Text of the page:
Although it makes up about 85 percent of all matter in the universe, dark matter is frustratingly hard to pin down. In order to figure out what it is, much of the search is about ruling out what dark matter isn't, and now physicists at Stanford and the SLAC National Accelerator Laboratory have narrowed it down further. Using observations of galaxies orbiting the Milky Way, the team found that dark matter is likely lighter than previously thought – and interacts even less with normal matter.

Dark matter is so called because it doesn't emit or react to light in any way, and rarely interacts with regular matter, making it all but invisible to us. The only way we know anything is there at all is because of its gravitational effects on the stuff we can see.

What dark matter actually is and what its properties are remains open for debate, but scientists have developed a few models. One of the most widely-accepted is known as the Lambda cold dark matter (Lambda CDM) model, and it assumes a few things about the mysterious stuff: it's "cold" meaning it moves much slower than the speed of light, and it's "collisionless," so it very rarely bumps into regular matter.

The Lambda CDM model also tells us that dark matter played a vital role in the formation of the universe as we know it. In the early days, the cosmos was basically flat and uniform, but because it moved slower, dark matter tended to clump together in "haloes." Eventually the gravity drew regular matter into those clumps, causing galaxies to form in structures that look like giant sparkling spider webs.

While this model has worked well to explain these large-scale structures, it tends to fall apart when applied to smaller scales, like individual galaxies. For example, the model predicts that our own Milky Way should be orbited by thousands of smaller satellite galaxies, but as of right now only 59 have been discovered.

The researchers on the new study used this as a starting point to tweak the model. They ran simulations of how the universe looked when filled with dark matter of varying properties, and then overlaid the resulting dark matter haloes with the known structure of the Milky way's satellite galaxies, to see how well it all fit.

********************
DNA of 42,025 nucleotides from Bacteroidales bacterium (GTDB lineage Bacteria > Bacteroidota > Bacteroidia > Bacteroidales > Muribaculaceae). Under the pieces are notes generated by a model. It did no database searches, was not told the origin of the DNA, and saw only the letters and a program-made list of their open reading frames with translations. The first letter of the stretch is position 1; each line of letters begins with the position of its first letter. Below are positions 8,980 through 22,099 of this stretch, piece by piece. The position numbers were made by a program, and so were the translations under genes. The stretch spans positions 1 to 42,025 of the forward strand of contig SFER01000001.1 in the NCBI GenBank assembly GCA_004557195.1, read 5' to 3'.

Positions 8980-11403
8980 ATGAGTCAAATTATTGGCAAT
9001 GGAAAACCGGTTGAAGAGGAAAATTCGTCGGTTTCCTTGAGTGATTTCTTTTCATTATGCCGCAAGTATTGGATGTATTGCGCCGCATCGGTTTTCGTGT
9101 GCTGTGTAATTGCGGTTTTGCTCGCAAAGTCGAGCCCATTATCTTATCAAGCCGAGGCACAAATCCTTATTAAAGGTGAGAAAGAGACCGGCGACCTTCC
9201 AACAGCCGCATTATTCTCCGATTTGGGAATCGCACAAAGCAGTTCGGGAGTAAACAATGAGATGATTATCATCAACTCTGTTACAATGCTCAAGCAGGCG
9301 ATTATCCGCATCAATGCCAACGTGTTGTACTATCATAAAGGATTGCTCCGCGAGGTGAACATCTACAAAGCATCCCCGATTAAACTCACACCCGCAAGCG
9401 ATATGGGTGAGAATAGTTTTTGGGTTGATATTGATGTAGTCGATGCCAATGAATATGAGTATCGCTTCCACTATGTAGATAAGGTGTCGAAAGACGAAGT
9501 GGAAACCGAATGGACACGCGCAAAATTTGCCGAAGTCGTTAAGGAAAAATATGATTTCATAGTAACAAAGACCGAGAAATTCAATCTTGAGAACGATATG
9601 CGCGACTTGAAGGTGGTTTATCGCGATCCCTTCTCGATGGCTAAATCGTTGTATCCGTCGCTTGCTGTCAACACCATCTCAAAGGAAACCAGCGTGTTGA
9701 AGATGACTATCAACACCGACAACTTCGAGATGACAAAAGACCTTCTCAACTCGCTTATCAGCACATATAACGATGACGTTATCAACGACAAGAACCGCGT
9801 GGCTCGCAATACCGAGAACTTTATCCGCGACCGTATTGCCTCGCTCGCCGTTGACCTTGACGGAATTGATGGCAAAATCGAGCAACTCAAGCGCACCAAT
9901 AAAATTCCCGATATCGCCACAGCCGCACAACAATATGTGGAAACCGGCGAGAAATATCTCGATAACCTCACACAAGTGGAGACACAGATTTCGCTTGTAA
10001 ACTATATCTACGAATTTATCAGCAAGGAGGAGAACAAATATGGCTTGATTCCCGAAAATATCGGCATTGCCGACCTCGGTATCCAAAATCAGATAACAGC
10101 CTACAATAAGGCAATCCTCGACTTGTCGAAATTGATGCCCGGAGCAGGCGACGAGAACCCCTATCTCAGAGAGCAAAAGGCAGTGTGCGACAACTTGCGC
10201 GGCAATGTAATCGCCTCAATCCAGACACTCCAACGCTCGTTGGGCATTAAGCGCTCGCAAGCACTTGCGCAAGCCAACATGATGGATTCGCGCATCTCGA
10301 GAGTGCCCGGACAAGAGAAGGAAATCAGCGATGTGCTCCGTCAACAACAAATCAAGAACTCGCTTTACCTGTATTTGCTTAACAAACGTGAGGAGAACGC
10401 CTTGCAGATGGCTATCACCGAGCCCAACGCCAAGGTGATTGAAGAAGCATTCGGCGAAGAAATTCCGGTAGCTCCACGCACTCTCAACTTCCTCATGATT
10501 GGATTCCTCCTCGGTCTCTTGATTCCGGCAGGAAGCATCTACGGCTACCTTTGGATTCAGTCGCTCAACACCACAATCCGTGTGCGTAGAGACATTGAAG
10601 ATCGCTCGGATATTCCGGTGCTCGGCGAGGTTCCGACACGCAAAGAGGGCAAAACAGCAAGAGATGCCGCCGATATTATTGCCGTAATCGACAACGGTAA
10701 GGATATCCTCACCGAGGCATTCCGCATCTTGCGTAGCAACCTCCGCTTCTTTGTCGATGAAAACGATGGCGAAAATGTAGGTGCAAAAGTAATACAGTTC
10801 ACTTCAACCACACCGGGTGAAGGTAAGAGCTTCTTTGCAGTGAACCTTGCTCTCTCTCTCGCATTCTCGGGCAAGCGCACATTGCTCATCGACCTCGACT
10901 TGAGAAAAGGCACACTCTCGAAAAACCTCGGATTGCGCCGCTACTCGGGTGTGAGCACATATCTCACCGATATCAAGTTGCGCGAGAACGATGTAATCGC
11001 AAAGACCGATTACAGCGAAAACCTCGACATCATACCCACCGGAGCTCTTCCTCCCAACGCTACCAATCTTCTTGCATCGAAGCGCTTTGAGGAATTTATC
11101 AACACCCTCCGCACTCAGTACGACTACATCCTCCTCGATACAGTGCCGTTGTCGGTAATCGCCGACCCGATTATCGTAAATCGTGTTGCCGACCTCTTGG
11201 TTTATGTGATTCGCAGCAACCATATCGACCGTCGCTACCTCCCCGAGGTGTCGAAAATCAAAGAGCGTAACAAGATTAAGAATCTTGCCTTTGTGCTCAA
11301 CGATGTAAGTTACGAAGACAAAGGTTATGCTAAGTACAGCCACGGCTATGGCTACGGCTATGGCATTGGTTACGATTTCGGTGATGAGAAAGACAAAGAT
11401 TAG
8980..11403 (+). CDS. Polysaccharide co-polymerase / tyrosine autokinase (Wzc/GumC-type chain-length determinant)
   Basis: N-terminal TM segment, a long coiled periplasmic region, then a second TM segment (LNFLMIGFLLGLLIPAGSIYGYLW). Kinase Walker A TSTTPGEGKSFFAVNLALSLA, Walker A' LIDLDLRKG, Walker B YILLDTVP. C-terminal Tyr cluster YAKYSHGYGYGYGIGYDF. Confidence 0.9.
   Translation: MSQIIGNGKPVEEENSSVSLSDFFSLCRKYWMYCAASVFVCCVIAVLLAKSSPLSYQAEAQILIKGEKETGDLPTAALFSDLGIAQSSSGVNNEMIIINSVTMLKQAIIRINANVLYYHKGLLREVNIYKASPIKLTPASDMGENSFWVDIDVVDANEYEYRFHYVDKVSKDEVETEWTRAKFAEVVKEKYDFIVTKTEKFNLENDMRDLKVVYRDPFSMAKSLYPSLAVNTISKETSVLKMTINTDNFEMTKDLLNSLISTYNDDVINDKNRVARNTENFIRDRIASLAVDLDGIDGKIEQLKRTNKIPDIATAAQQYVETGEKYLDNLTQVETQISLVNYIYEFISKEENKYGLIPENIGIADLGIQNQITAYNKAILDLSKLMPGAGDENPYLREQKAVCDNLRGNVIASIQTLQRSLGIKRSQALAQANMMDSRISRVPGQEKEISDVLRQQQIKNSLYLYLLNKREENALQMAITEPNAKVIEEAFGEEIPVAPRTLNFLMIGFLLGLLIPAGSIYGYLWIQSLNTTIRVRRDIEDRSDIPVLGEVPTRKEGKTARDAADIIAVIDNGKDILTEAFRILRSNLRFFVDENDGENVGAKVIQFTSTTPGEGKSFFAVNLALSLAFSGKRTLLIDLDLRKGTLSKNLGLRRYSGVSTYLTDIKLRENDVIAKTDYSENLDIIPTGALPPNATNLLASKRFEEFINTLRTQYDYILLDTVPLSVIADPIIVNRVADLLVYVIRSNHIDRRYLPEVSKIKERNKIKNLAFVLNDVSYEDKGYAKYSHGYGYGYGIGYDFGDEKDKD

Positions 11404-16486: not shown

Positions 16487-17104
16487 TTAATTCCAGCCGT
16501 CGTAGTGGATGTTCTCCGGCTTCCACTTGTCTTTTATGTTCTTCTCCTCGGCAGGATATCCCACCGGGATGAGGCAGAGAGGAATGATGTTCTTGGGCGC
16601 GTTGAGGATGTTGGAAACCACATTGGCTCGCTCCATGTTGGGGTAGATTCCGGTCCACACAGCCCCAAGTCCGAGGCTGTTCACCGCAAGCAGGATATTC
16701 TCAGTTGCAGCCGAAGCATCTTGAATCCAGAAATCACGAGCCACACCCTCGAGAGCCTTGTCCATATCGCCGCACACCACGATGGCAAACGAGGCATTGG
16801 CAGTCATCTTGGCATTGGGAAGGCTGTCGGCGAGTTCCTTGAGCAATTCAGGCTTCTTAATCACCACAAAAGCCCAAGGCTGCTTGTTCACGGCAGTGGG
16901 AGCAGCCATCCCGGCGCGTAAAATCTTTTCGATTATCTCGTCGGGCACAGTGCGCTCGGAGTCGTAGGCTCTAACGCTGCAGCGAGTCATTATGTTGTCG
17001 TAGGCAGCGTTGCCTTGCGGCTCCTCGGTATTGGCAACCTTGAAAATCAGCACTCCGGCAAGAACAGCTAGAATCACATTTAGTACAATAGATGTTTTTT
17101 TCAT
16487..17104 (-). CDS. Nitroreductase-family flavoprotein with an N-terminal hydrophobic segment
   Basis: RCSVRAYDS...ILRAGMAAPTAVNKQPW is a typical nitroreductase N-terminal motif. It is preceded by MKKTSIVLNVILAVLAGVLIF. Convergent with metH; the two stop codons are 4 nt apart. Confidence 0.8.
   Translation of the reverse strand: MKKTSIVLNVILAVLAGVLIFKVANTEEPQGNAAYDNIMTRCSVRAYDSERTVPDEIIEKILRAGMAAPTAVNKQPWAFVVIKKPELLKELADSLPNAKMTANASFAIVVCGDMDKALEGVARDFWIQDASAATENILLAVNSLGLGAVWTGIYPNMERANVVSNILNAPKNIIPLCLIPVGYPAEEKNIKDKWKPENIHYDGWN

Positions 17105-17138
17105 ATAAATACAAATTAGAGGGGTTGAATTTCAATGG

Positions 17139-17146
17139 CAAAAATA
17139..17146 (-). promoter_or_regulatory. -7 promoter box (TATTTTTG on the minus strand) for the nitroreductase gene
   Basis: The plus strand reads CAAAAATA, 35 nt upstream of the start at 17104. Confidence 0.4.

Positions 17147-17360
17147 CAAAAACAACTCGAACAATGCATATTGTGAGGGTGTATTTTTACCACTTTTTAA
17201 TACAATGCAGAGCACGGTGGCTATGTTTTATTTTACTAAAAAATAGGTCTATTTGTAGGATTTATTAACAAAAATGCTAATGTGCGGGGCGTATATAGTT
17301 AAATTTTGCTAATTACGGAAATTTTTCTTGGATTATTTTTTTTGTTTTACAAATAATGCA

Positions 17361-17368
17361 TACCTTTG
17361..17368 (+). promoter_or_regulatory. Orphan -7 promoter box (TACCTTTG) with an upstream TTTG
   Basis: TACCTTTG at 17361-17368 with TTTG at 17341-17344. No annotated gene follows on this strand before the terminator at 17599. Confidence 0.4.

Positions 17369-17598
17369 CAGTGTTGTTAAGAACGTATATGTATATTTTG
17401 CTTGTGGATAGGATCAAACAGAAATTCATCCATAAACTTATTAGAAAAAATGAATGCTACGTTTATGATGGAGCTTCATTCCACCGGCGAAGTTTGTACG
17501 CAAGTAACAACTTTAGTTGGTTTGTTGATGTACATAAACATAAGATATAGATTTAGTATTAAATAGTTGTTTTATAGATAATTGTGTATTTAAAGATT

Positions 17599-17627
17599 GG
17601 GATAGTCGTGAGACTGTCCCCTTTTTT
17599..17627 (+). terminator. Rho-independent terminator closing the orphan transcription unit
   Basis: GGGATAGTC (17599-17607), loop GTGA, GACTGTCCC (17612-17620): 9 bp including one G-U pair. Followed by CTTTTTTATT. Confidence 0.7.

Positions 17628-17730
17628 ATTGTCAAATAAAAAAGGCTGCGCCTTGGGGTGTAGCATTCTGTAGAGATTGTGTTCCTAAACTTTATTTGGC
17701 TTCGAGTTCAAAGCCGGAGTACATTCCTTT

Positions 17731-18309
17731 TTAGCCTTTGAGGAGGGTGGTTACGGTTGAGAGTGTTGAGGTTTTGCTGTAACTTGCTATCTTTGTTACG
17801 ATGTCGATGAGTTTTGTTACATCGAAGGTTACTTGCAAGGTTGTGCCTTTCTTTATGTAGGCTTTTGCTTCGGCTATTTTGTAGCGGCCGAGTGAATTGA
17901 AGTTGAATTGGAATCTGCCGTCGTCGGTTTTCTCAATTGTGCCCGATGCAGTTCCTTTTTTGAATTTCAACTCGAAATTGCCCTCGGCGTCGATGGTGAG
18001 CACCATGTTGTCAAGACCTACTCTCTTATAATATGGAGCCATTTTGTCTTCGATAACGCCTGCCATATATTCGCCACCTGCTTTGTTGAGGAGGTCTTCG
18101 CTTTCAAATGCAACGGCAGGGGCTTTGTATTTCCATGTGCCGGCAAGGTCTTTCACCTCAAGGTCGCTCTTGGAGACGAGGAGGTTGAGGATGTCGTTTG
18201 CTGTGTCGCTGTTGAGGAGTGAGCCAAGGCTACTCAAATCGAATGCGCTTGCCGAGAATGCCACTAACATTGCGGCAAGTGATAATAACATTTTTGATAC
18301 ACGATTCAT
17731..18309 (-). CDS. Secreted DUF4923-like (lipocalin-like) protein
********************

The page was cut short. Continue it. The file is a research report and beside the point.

They found that for everything to fit together neatly, dark matter must have a lighter mass and must be "warmer" (i.e. moves a bit faster) than previously assumed. It also seems to interact even less often with regular matter – about a thousand times more weakly than the previous limit. That might explain why none of the many experiments designed to detect those interactions have registered any signals yet.

"What's really exciting is that our study nicely bridges experimental observations of faint galaxies today with theories of dark matter and its behavior in the early universe," says Ethan Nadler, lead author of the study. "It connects a lot of pieces, and by doing so it tells us something very profound about dark matter. Although we still don't know what dark matter is made of, our results are a step forward that sets tighter limits on what it actually can be."

Of course, the dark matter debate is far from over. Other studies suggest the mysterious stuff may be in fuzzy and excited states, made of electrically charged particles, gather in "hairs" around planets, or exist as a kind of "dark fluid" with negative mass.

The research was published in the Astrophysical Journal Letters. The simulated evolution of dark matter can be seen in the video below.

Source: SLAC